The reported death of an Eritrean political prisoner has shined a spotlight on the country’s secret prison system, where some of the nation’s founders have been held without trial for more than 16 years.
In February, news began circulating on social media that Haile “Durue” Woldensae, a fighter in Eritrea’s liberation struggle and the country’s former foreign minister, had died. Woldensae was imprisoned in 2001 and has not been seen since. In a 2010 interview with al-Jazeera, a prison guard who escaped the country said that Woldensae was alive but “blind and emaciated.”
A post on an anonymous Facebook page in February said that Woldensae died on January 25 and was buried on the premises of the Eirairo prison, where he had reportedly been detained. The claims have not been independently verified, and press freedom in Eritrea is severely restricted, making it difficult to confirm information that comes out of the country.
Woldensae’s brother Senegal told VOA that the family still doesn’t know whether he is alive or dead, but they have long believed the worst.
“All prisons in Eritrea are like Enda Hawya — a place where you can see people go in but never come out,” he said, referring to a village in a grim Eritrean fairy tale.
Woldensae was arrested in a roundup that targeted dissidents in Eritrea’s ruling political party, journalists and others. The group of dissidents had called for the implementation of the country’s 1994 charter and demanded a democratic form of government. They became known as the G15.
“They wanted to fight the good fight, and they said, ‘Enough is enough. It’s time to change,’” Senegal said. “So, they said, ‘With our people, we will fight this wrong direction that the country has taken.’ That’s how they started. Therefore, they knew that they were going to be harassed, mistreated, suppressed and even killed. They knew what they were getting themselves into.”
Most of the political prisoners have not been heard from since their arrest. Pleas from family members and human rights organizations for access to the detainees have gone unanswered.
The Eritrean government’s last direct word on the G15 came in June 2016, when current Foreign Minister Osman Saleh said Woldensae and the other G15 members were all still alive.
“The government is looking for their safety. They are in good hands, in prison. They are political prisoners and the government is dealing with them,” he told Radio France International.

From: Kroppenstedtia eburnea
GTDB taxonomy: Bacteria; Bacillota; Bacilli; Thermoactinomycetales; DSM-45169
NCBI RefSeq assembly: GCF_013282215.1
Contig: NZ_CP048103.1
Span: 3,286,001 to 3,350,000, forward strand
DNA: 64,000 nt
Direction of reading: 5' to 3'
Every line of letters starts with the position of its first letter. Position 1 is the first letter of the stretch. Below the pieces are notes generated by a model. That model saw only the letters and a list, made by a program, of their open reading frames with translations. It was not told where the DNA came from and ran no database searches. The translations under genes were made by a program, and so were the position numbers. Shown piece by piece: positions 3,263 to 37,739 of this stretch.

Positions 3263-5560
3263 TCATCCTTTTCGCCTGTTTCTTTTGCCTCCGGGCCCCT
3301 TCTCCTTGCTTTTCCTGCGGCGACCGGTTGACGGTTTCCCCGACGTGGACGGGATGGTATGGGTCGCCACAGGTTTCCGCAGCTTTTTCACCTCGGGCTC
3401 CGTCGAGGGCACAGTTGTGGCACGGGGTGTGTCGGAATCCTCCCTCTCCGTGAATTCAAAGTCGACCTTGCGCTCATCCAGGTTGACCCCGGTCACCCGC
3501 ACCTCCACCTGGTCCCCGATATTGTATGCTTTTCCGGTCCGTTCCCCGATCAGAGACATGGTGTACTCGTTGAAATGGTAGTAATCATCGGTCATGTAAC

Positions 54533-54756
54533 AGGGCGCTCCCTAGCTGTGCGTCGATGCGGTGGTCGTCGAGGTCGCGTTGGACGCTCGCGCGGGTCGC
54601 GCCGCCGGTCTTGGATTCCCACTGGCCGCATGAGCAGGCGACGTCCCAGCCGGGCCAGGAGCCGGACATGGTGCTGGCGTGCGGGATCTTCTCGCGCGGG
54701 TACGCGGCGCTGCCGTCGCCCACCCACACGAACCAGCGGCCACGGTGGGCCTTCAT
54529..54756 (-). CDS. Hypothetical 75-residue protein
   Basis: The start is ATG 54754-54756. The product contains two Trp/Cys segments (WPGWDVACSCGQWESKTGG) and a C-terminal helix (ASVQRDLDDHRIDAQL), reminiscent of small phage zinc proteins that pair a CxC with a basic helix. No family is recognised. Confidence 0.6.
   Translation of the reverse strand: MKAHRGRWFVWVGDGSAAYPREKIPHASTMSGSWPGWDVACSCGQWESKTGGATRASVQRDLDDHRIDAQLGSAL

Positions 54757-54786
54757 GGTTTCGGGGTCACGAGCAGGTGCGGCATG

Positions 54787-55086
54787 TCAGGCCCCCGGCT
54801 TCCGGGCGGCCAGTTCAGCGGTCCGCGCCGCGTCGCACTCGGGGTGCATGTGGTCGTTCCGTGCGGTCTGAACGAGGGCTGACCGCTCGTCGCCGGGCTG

He said the 15 men would be tried “when the government decides.”
10,000 political prisoners
President Isaias Afwerki has ruled Eritrea with an iron hand since the country won independence in 1993. A 2013 report by Amnesty International identified 34 prisons in the country, both secret and recognized. The report said Eritrea’s government was responsible for the arrest of 10,000 political prisoners, although none had ever been charged with a crime or faced trial.
Reports from inside the country describe inhumane conditions where prisoners are held in shipping crates in the desert where temperatures reach 50 degrees Celsius (122 degrees Fahrenheit) during the day. Rumors of prisoner deaths due to illness and suicide have been widely circulated, though never confirmed.
Fisseha Tekle, a Horn of Africa researcher at Amnesty International, said families of those jailed are desperate for information. He believes the government owes it to these families to account for the imprisoned.
“What we would like to call for is for the government to let everyone know their whereabouts, the conditions they are being held in, how they are treated. The families should be allowed to know this,” Tekle said. “They need to be in front of a free court and have a fair trial. They should be given credit for the time they have already served. The government needs to issue a statement counting clearly how many years they have spent in prison. If they are dead, there needs to be a clear statement on that.”
‘Our pride and honor’
Woldensae’s family has accepted that they likely will never see him again, but they believe, if he died, that it was because he stood up for his beliefs.
“Haile and his comrades sacrificed their lives when they decided to fight for freedom in the beginning, so their sacrifice is our honor because they stood their ground, and that’ s how they fell,” Senegal said. “We are glad that they’re not like those who are licking the boots of this regime, and we are glad that they are not part of a shameful history. So, they are our pride and honor.”